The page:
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Album Review

When Holly Near teamed up with the folk duo emma's revolution at an anti-Iraq War rally, they discovered they were musically as well as politically complementary, resulting in this album, which places Near in the center of a vocal trio, singing mostly songs from her repertoire. For Near fans, that means getting to hear songs they already know in new arrangements. Near is usually classified as a folk artist, but her usual accompaniment is a piano or a folk-rock group; this may be the closest thing to a conventional folk album she's ever made, backed largely by the acoustic guitars of emma's revolution members Pat Humphries and Sandy O. The three also sing some of the songs — "1000 Grandmothers," "Fired Up," "Study War No More" — a cappella. True to the circumstances of their first encounter, their favorite subject is opposition to war, and the most powerful new song they present in that regard is Rick Burkhardt's "Ministry of Oil," which specifically addresses the Iraq War. Near has always had a talent for blending her voice with those of other artists with whom she is compatible as a performer and as an activist, whether it's been Ronnie Gilbert or Inti-Illimani. This is another appropriate match-up that should be accompanied by more live performances.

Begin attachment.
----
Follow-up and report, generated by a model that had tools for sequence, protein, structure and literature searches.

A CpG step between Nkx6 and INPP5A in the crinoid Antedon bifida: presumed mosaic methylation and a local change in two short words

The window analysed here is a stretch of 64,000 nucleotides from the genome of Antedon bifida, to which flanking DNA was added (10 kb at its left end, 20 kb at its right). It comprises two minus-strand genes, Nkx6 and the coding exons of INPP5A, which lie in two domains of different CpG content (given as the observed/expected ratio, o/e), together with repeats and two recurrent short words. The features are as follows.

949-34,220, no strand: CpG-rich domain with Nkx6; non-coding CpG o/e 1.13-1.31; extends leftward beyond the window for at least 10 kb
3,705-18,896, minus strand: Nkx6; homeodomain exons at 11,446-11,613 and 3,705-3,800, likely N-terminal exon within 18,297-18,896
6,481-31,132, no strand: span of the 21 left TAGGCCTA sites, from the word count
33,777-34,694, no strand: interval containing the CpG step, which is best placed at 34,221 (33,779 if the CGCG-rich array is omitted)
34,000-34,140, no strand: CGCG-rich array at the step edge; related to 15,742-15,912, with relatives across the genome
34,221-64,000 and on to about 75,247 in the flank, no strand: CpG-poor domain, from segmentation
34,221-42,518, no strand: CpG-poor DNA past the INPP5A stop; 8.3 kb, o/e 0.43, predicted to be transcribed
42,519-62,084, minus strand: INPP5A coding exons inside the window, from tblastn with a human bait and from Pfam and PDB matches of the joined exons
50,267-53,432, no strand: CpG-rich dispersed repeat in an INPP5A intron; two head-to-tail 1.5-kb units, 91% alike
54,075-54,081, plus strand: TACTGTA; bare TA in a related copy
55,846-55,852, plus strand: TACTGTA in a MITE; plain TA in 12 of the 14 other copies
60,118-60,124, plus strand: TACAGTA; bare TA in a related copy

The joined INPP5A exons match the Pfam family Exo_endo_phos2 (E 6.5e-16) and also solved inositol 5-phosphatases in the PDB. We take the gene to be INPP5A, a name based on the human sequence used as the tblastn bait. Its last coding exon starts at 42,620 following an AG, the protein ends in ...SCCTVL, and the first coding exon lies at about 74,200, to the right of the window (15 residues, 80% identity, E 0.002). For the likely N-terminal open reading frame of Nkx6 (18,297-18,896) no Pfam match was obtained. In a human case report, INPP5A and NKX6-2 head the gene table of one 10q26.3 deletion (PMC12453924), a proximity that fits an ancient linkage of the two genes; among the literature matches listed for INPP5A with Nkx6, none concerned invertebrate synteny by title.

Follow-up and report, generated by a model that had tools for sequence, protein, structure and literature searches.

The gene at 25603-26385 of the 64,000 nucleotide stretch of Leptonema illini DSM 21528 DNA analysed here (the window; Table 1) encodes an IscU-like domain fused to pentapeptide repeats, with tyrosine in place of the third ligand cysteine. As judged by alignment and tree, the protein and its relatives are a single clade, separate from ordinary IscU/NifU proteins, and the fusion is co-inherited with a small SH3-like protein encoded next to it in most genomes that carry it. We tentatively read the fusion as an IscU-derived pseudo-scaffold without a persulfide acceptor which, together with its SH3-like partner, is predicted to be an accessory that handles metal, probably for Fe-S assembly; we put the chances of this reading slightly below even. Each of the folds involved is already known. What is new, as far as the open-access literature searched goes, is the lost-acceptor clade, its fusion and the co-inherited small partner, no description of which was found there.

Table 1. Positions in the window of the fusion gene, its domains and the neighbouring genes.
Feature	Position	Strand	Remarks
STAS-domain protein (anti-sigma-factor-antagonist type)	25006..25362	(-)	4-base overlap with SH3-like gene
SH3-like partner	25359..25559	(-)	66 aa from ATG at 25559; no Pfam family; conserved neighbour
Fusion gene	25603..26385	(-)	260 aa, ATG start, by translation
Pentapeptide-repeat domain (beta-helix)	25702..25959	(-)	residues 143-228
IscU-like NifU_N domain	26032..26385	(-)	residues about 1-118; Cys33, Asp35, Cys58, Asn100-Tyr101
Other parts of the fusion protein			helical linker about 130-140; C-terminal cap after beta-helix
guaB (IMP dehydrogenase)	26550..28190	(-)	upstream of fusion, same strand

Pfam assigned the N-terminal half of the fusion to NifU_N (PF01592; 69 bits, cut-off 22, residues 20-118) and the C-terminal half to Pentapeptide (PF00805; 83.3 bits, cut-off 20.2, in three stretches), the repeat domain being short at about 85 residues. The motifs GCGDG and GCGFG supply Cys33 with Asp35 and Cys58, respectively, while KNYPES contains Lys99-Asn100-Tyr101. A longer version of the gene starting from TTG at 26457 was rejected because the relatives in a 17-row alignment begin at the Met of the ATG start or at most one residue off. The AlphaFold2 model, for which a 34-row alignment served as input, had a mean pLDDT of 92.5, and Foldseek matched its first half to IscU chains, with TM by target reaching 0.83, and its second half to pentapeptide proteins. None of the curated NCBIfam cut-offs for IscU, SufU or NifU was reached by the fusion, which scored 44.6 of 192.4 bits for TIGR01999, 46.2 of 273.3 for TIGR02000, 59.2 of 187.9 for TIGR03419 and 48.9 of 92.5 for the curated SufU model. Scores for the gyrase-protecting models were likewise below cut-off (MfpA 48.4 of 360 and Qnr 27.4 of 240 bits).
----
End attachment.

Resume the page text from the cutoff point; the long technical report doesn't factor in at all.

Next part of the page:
Born: 06 June 1949 in Ukiah, CA

Genre: Singer/Songwriter

Years Active: '70s, '80s, '90s, '00s

Entering the field of topical songwriting after the activism of the 1960s, Holly Near promoted a variety of left-wing political causes with music that touched on folk, rock, and the musical theater, starting in the early 1970s. Beginning with her work against the Vietnam War, she turned to radical lesbian feminism before again expanding her concerns to include international issues. A red-diaper baby of leftist parents, Near grew up on a ranch in the small Northern California town of Potter Valley....
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We Came to Sing!, Holly Near
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